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Letters to the Editor

Readers write about California education, parent's rights to educate their kids, Serbia's integrity, and oil.

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California schools felt fiscal strains long ago

Regarding the March 21 article, "California's fiscal crisis hits schools": I taught elementary school in California for eight years ending in 2006. During my time as a public school teacher I witnessed many cuts in the budget. Our school librarian was replaced by a parent volunteer and fifth-graders restocked the shelves during instructional time. Our music teacher (when one could be found) taught more than 500 students in a mere two days a week at the expense of the PTA. Our school counselor, who had three schools on her caseload, was eliminated from our staffing chart because we were not a Title I school.

My husband and I constantly spent our grocery money to buy science and art supplies for my classroom as well as pay for my lower-income students to attend field trips. In fact, the practice was so common that a teacher at my school won a prize from the local paper when she could prove she spent $8,000 of her own money on her classroom in a single school year.

If you think that the "fiscal crisis" is just hitting California schools, you obviously have never taught there. Now, does anyone else find it ironic that California just made home schooling illegal?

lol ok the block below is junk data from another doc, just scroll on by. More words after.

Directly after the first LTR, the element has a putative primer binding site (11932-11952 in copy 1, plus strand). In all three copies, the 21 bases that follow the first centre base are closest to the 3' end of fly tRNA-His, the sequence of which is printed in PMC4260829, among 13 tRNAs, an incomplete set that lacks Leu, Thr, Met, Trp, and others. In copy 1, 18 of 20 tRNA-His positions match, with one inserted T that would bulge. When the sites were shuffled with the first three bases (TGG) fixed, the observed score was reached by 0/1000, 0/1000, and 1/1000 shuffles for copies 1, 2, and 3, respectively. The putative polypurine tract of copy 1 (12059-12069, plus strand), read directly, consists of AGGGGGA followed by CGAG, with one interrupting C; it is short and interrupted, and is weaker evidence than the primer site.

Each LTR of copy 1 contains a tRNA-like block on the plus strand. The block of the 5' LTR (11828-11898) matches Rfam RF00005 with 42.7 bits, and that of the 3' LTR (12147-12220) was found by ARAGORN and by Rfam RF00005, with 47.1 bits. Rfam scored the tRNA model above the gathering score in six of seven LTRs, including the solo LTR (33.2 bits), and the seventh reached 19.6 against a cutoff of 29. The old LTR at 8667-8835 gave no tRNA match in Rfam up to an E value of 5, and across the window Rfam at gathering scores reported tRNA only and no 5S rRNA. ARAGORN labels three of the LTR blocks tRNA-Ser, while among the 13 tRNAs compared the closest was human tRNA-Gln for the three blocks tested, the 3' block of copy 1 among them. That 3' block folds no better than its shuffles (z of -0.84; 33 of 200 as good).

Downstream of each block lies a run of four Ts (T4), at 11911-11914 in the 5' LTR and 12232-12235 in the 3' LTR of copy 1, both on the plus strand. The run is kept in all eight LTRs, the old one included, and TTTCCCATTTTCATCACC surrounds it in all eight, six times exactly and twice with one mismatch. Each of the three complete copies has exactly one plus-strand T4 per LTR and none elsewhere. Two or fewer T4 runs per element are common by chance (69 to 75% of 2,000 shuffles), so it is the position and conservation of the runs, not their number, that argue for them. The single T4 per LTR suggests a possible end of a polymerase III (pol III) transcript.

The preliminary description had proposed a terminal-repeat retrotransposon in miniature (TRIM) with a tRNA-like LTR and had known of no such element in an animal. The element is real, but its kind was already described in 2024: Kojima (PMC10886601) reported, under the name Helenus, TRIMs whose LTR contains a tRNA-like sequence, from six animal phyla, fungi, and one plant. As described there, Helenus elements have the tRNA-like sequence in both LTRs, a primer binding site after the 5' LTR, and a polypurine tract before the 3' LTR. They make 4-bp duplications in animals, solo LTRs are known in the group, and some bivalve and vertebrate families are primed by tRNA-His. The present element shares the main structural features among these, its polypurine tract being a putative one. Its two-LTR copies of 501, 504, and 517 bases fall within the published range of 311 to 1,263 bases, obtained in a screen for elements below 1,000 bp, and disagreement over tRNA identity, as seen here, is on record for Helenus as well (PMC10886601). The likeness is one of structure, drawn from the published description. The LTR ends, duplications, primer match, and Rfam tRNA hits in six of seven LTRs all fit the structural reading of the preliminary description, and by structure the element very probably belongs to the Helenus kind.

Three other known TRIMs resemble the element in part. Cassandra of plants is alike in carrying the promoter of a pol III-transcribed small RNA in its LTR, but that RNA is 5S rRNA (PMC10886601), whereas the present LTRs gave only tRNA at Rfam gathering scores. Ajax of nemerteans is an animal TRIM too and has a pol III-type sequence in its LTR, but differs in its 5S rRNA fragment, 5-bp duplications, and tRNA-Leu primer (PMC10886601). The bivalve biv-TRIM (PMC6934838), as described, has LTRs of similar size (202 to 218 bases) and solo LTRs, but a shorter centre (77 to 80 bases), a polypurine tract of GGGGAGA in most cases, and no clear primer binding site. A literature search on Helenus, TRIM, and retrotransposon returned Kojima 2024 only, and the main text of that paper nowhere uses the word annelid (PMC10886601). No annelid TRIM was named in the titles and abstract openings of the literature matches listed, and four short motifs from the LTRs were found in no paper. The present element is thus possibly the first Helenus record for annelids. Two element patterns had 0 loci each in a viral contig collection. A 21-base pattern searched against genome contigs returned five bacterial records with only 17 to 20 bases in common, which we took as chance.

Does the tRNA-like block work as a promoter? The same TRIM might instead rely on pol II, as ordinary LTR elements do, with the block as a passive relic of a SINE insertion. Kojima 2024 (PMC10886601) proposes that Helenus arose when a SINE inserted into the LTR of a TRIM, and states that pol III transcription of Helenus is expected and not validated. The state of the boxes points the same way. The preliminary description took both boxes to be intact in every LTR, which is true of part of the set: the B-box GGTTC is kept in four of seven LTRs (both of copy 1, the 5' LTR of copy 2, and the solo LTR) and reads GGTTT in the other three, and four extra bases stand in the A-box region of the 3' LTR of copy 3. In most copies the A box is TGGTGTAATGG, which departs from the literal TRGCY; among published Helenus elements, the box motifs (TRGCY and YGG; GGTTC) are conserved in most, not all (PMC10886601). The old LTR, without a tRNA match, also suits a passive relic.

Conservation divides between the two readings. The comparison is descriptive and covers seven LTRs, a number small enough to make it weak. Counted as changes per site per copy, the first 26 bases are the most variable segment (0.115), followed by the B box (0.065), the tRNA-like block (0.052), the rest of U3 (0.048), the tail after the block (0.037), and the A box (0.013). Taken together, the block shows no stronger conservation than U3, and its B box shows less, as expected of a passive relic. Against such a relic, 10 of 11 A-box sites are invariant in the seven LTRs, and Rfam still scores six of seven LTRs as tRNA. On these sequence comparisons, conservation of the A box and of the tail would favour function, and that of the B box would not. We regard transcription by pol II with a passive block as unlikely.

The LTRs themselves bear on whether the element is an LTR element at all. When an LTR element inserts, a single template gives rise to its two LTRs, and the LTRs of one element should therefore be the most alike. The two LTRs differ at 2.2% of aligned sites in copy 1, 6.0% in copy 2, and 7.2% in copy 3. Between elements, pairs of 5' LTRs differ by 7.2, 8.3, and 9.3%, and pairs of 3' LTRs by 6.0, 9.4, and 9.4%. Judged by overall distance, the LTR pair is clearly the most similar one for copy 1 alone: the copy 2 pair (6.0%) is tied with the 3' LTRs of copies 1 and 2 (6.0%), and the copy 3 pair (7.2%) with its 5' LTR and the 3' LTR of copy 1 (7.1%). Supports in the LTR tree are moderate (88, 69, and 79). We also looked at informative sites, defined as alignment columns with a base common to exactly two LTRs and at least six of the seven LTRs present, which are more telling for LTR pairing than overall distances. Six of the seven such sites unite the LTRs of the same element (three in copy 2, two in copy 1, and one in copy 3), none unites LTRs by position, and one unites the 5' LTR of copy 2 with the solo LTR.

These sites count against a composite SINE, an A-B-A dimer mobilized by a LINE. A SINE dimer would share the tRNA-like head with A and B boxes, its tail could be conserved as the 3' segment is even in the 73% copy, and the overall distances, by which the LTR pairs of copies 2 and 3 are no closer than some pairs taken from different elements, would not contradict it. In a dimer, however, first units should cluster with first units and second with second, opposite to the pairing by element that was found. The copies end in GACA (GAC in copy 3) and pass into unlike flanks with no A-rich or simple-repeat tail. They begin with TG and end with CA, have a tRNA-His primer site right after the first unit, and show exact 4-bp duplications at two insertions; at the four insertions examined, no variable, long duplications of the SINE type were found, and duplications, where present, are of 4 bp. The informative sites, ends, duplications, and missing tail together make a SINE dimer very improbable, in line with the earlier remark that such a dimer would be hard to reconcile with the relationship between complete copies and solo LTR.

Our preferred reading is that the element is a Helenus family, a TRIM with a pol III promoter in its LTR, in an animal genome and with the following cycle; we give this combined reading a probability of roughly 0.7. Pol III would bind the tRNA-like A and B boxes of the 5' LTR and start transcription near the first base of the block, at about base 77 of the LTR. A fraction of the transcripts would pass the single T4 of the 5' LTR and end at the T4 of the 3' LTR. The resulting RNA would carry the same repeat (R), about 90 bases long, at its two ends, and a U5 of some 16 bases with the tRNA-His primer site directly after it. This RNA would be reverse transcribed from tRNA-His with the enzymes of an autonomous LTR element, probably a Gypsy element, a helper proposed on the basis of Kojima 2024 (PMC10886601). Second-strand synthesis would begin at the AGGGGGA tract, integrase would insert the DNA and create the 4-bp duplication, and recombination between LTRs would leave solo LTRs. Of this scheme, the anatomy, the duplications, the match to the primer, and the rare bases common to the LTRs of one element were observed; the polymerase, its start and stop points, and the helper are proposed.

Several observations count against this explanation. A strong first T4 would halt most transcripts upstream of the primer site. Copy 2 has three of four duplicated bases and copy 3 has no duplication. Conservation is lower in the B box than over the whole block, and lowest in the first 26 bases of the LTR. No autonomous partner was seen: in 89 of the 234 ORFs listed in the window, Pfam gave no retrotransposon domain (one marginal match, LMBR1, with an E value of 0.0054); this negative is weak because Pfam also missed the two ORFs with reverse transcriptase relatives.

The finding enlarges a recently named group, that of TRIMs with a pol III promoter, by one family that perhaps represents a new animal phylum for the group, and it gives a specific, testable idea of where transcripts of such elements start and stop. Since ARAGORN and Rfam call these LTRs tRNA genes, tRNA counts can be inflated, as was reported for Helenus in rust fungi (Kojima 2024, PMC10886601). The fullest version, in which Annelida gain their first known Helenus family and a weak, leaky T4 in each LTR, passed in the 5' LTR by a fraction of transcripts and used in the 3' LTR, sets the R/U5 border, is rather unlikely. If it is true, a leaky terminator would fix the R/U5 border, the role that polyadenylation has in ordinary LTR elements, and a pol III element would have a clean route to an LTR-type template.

Home schooling is a natural right

In response to the March 10 article, "Home-schoolers reel from a court blow": Just because a court says that home schooling is not "a constitutional right" does not make it illegal. In America, citizens do not get their rights from constitutions, except for those in the Bill of Rights. We have innumerable and inalienable rights simply because we are born (free) in this country. As such, we call our rights "natural" or "God-given."

A constitution is not a list of rights that government "gives" or "allows" its citizens. Instead, it is a document that limits the powers of government. Therefore, home schooling – the responsible raising of our children, including their education – is a natural right of all parents. Like most other such rights, it is not mentioned specifically in state or federal laws. Parents do not need the government's permission to educate their own children. In fact, they are responsible for their own children's education whether or not they send them to a school. Why? Because states do not own the children; parents do.


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